Trends in demand may become more, rather than less peaky, and of course, an 80% recovery in volumes doesn’t help with delivering central and local government’s objectives. It’s not a one-way street: support for bricks and mortar retailing such as business rates reform will help the bus. But the bus industry is likely to have to become less dependent on high streets and more accepting of peakiness as a fact of life as it seeks out other markets.
In the meantime, a glance at the National Bus Fares Index shows that fare increases have been outstripping inflation against a background of increasing costs of service delivery because of traffic congestion.
If we want lower fares, then we have to bring down the cost of production, which means making buses quicker and journey times more predictable, to enable buses to meet the social and environmental objectives required of them. That means hard political choices on the allocation of road space.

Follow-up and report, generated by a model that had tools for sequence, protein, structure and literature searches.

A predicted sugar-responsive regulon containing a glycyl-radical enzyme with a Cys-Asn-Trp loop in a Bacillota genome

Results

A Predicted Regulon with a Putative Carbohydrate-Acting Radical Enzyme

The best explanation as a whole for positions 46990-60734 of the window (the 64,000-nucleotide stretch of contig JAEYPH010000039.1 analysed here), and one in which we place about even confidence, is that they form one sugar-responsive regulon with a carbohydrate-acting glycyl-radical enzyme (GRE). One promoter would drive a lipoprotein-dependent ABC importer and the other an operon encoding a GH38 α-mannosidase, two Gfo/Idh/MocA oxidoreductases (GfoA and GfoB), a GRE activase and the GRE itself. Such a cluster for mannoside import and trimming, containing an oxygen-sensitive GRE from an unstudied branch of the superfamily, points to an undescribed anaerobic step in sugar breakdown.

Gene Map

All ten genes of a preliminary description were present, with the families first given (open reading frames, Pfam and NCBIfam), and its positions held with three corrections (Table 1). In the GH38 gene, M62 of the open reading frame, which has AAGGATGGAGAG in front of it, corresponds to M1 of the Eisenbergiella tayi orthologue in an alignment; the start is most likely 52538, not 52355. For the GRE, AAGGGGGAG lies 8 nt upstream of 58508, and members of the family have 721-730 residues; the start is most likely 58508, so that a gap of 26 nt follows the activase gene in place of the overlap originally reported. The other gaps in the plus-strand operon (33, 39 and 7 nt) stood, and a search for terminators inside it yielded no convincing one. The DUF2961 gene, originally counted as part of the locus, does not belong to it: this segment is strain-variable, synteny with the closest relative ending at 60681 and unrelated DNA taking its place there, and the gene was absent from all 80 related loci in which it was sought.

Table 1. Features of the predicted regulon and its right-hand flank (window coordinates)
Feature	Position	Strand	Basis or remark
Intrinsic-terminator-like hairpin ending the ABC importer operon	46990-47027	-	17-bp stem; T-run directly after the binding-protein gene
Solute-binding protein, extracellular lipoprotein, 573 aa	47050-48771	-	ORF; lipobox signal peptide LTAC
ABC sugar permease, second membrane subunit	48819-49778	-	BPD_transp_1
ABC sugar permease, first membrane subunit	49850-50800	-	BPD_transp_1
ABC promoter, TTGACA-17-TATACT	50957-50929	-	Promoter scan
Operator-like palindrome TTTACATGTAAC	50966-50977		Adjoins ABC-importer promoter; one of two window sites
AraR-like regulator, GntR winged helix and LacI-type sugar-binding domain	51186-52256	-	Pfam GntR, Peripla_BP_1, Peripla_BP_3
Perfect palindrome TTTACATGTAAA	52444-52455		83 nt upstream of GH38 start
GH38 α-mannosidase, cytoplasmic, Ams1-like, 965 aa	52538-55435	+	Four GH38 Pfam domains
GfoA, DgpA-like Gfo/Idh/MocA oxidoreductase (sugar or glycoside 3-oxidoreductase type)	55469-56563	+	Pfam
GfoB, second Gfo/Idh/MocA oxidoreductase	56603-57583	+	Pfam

Those of us who complain at a lack of commitment from our local politicians should remind ourselves of the comment of Professor David Begg. Had he had any political ambition beyond being Transport Convener on Edinburgh City Council, he would not have introduced the greenways. Decisions like this are going to have to come from the top – but we also need more bus users to become advocates of bus use, just as other road users have more effective and vocal lobbies.
Making buses quicker also gives some headroom to reimagine the configuration of space on the bus. Pre-Covid, I travelled on a crowded double-decker with the maximum number of seats fitted in the available space, followed by a crowded Glider in Belfast with more space allocated to standing.
I know which one I found more comfortable for those two short journeys. At the other end of the spectrum, some operators accept passengers are on their buses for a while and lay out space accordingly. The industry needs to get more systematic at this and also accept that operators - through vehicle configuration, fare collection systems and fare structures - can influence the operating speed and reliability of their services.